- Independent Journalism From Today's Armenia
 April 25, 2003 

NOT Outside Eye: The joy of birth and its meaning to an ageless family

Editor's note: Typically in this space you read "Outside Eye" about the observations of a non-Armenian and his adopted home. This week's essay is by no means from the "outside" as one of ArmeniaNow's staff shares some thoughts about his new son.


Little Raffi Deheryan with his mother.

I want to share my happiness with you, brought as it was to me by the birth of my first child.

My son is only four days old while I am writing these lines. He is an extremely helpless little man that at the moment sleeps in his small bed with his appetite glutted and a pacifier in his mouth.

His mother, Karine, and I have been expecting him from the end of last month, because the doctor said he could have come to this world any moment since then.

However, he decided to stay in his shelter as long as possible. Well there was food and heating and good conditions in that hiding place, which, I assure you, was safer than those in the world he came to.

My son was born on Easter eve.

On Saturday morning we gave my wife and her labor pains over to the care of Shengavit Medical Center. We chose the hospital with care. Unlike many other maternity hospitals here, Shengavit is a private hospital so of course we have to pay. But there we knew we wouldn't be demanded for bribes for staff services so we figure it's worth paying legitimate fees.

My mother, who is 63, and I impatiently sat in the waiting room. Mother had been suffering from a high temperature but forgot about it when it came time to go to the hospital.

I wasn't able to sit quiet and I decided to get out for some air. I heard my wife's cry coming from the second floor as I got out.

Her touching screams were provoking me to cry out myself. Some time later another cry replaced my wife's. I took a deep breath and lit my cigarette. I called my mother out of the waiting room and said: "Listen to it granny, this is your grandchild's cry." You can imagine us embracing with uninhibited tears on our faces.

I am writing this story on April 23, the day before the most tragic day for the whole Armenian nation. I was a little bit concerned that my child would be born that sad day.

My child and I are heirs of those who suffered from barbarity. Both my mother's and my father's ancestors were outcast from their birth place in Western Armenia. My father's father was Shatakhtsi, and his mother-Vanetsi. My mother's father was from Erzrum, and her mother was Kaghzvantsi. Those who know about Western Armenia have probably heard about these towns.

My grandparents were children in the times of migration and were taken to orphans' homes after they reached Yerevan. When she was nine, one of my grandmothers woke up in her dead mother's hands while they were on the migration path.

They have kept these stories and have told them to the next generations. The only thing they have dreamed of was to get to their birthplace ever since.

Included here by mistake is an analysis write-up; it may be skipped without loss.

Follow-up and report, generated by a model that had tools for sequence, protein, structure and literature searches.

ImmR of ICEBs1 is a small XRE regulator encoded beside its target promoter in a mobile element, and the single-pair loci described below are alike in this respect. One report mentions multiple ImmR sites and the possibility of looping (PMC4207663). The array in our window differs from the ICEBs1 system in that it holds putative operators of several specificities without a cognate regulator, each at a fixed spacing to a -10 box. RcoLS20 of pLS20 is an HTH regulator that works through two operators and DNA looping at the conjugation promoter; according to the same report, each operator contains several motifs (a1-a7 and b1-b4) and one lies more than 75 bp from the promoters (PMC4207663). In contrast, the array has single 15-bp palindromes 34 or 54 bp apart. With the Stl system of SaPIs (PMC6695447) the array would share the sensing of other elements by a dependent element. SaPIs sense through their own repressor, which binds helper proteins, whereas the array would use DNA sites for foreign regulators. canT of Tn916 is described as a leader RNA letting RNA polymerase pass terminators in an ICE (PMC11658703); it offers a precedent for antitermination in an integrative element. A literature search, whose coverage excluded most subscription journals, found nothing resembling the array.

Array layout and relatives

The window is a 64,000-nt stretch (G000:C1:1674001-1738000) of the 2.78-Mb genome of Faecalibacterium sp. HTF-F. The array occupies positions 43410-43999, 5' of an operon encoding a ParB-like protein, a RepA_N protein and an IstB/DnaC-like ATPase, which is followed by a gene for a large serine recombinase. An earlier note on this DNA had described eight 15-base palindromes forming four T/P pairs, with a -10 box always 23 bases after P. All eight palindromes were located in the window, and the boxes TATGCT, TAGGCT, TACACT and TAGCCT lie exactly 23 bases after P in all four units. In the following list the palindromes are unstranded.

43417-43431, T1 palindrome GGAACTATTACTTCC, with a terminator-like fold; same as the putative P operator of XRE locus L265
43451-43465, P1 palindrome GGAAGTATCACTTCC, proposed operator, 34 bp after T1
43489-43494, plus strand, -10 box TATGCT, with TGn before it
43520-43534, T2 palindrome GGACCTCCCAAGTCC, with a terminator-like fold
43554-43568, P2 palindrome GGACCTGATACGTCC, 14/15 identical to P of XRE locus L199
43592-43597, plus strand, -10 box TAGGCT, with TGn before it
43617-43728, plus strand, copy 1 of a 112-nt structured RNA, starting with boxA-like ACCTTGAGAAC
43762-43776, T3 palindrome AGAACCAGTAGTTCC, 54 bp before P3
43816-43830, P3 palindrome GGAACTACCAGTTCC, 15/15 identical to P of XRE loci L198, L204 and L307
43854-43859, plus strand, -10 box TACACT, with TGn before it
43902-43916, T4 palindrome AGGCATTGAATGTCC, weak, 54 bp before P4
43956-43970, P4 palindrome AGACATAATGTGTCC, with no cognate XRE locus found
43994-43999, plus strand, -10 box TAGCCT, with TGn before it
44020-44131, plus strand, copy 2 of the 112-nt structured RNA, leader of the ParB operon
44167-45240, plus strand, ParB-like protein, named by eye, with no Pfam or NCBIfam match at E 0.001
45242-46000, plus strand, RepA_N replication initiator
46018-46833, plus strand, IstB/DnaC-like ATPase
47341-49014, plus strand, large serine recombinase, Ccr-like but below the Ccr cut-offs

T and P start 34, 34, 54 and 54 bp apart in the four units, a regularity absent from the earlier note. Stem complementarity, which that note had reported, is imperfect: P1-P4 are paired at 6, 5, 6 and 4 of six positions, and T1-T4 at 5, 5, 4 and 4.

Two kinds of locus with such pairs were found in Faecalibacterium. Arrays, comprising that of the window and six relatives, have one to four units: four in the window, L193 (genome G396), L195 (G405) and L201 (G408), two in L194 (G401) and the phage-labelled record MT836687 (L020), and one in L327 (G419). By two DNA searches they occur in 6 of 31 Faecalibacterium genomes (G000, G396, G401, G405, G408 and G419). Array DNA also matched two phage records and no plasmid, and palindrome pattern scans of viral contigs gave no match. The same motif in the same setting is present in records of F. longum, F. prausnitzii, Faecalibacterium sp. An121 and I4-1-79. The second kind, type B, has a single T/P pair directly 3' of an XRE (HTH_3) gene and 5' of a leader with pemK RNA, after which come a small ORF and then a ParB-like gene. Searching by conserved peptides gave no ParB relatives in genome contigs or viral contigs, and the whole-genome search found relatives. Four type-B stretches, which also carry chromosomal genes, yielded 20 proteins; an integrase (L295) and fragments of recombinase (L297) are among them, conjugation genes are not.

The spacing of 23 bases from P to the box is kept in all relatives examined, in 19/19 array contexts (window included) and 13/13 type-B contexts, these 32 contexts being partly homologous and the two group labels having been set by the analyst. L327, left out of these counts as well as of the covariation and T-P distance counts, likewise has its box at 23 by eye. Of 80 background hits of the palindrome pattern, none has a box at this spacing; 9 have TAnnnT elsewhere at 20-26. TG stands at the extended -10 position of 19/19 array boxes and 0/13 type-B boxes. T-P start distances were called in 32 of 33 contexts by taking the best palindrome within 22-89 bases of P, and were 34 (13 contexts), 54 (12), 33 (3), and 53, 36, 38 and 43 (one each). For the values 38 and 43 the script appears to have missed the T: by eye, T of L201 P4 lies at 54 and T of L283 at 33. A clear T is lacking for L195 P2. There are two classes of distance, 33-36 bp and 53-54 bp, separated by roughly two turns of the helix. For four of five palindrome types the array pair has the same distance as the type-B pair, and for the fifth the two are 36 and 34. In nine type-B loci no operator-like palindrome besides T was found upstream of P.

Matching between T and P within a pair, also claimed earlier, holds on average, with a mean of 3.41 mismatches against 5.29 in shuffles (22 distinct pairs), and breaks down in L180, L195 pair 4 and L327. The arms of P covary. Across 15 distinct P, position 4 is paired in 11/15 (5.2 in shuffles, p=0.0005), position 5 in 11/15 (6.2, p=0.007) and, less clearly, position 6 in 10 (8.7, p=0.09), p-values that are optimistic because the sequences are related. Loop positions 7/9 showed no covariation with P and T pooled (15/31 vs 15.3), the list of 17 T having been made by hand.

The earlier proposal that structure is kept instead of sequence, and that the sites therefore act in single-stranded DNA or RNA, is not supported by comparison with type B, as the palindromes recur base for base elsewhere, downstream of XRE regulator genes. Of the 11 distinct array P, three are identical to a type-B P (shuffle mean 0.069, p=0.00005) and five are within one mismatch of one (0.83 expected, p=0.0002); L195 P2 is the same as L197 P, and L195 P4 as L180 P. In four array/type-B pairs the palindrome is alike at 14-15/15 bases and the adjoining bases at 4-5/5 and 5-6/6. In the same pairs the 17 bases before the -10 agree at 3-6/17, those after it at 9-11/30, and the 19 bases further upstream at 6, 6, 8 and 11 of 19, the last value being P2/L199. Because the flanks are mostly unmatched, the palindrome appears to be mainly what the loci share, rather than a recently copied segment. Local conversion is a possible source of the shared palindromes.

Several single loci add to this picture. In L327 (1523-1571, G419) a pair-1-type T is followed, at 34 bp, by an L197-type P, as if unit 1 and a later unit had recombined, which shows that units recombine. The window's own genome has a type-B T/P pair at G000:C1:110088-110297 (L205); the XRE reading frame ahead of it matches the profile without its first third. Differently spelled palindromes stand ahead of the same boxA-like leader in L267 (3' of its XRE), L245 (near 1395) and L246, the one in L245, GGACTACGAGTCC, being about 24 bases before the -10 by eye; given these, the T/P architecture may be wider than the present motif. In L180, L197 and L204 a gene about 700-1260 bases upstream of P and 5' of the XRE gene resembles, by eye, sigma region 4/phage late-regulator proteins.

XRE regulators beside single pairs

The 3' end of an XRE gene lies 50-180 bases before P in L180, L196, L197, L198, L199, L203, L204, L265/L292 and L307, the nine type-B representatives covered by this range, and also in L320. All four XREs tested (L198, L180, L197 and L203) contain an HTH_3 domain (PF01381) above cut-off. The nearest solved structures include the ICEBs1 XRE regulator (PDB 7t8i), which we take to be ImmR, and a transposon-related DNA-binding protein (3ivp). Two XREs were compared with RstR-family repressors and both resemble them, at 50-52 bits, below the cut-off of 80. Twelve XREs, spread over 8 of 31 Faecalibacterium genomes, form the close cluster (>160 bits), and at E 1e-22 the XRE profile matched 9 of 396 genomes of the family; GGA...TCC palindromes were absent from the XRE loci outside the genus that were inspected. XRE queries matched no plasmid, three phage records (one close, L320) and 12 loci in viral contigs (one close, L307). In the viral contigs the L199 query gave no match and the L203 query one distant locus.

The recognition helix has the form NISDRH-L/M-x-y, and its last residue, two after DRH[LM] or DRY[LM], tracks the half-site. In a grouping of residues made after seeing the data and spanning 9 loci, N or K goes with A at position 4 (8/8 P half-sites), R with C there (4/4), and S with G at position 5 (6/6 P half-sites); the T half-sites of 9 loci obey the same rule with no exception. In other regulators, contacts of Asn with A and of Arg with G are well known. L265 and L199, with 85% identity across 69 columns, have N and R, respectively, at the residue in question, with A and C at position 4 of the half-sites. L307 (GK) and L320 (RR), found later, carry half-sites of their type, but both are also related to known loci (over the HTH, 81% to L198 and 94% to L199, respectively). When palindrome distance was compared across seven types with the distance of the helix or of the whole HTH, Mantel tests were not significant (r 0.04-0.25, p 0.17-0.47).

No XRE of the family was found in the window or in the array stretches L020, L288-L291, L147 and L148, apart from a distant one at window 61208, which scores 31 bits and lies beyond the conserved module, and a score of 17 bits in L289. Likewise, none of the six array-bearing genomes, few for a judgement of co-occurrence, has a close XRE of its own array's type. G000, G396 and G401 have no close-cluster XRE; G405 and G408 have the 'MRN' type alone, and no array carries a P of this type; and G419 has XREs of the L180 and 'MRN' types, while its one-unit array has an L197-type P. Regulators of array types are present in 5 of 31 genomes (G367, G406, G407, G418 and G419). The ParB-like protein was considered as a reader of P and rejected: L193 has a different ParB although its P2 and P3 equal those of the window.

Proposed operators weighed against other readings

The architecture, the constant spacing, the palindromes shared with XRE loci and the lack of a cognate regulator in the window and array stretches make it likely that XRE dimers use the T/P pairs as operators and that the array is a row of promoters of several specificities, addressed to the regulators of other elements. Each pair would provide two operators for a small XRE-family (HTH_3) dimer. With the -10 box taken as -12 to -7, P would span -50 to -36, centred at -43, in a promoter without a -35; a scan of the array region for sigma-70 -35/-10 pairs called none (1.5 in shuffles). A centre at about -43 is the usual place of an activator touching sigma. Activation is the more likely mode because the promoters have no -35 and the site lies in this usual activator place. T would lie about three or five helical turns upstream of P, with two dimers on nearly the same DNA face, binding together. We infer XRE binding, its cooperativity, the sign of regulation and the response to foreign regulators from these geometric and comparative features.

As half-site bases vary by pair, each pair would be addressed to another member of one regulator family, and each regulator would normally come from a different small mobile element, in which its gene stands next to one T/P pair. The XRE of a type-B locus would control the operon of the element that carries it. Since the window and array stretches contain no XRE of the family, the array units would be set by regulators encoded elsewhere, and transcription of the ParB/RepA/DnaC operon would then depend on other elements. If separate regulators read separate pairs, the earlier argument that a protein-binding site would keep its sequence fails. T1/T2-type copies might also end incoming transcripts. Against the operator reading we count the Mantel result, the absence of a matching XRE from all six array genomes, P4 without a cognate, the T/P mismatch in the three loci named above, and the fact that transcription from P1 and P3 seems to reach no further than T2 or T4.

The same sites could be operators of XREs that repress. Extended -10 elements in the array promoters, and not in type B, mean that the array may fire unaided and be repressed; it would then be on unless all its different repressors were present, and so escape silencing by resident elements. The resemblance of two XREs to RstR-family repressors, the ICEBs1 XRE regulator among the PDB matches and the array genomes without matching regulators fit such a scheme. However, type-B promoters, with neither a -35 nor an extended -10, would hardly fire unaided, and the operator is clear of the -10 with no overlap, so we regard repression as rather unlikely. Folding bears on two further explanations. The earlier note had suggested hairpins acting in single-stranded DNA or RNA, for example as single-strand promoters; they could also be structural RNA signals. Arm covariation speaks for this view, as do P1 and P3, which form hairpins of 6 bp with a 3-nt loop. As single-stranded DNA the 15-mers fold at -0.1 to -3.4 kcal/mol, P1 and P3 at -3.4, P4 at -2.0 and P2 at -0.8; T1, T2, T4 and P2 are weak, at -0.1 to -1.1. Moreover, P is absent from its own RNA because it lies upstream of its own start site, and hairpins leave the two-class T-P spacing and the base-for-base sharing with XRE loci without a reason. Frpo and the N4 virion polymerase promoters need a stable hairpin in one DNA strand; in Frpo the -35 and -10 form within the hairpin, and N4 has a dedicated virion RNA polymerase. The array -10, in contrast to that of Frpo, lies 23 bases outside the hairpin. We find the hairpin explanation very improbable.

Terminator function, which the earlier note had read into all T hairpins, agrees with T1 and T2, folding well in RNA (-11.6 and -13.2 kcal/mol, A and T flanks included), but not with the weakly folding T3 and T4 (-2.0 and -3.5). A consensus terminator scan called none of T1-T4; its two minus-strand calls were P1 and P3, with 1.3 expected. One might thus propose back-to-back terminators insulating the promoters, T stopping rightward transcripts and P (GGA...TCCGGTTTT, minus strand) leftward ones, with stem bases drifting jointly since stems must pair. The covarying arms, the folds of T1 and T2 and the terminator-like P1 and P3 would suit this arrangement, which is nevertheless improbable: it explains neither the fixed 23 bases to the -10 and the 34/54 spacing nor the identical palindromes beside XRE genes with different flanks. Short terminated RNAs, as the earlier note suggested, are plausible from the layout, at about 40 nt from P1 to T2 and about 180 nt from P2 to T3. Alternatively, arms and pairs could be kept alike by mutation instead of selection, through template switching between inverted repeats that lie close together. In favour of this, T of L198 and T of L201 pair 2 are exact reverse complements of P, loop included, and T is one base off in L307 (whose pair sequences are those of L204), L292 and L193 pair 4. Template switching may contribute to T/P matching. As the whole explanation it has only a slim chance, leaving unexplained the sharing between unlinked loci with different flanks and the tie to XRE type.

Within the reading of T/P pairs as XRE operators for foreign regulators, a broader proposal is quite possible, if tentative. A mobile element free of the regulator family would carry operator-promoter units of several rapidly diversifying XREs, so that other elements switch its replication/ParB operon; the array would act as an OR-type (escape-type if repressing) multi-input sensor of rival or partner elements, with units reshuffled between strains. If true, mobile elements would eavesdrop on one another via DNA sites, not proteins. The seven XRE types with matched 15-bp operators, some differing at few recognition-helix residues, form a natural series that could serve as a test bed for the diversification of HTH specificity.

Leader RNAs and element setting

I have made this dream handed down to me come true. Last year Karine and I and 30 other Armenians which were mainly of Western Armenian ancestry took a 10-day bus trip to Turkey.

We have been to Kars, Ani, Mush, Erzrum, Bitlis. We have swum in the transparent water of Lake Van. In the damaged or half-ruined Armenian churches, we have prayed for our ancestors' souls to rest and lit candles brought from Armenia.

I hurried to tell everything we had seen and experienced to my only surviving grandmother, who is now 83. I told her I had seen her wonderful birthplace, Avants village on the coast of Lake Van. I handed her soil brought from Van and smoked herring from Lake Van. Blessing my eyes and recalling unkind memories of her own childhood my granny kissed me through her tears.

Today she shares my happiness for her sixth great-grandson, Raffi. He carries the name Deheryan, like three generations before him, named for Deher, the village my grandfather left as a boy during the Genocide.

My relatives have been asking why he became Raffi, a name not very popular in Armenia, but more familiar among Diaspora.

I myself have heard about only three Raffis, and all of them are from Diaspora: great Armenian writer Raffi, politician Raffi Hovannissian, and one more Raffi -- the hero from "Ararat" by Canadian Armenian movie director Atom Egoyan. The last one was the main reason for giving my child this name.

In the movie young Raffi goes to Western Armenia, his ancestors' home. There, he films the churches and monasteries. And in those same churches and monasteries - about nine months ago - Karine and I burned incense together.

And one day when we tell that story to our Raffi, we hope he will be filled with the same love of his land and family that we feel for ours.

  "Turkish Flag"
Click on the photo above to enlarge


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  Photo of the week
Click on the photo above to enlarge

Pain in Paint

Yesterday (April 24) members of Mihr youth organization gathered in a park near the State Conservatory where they used black (tragedy) and red (blood) paint to depict Mt. Ararat from its western side. On a white canvas they painted names of villages where Genocide took place.



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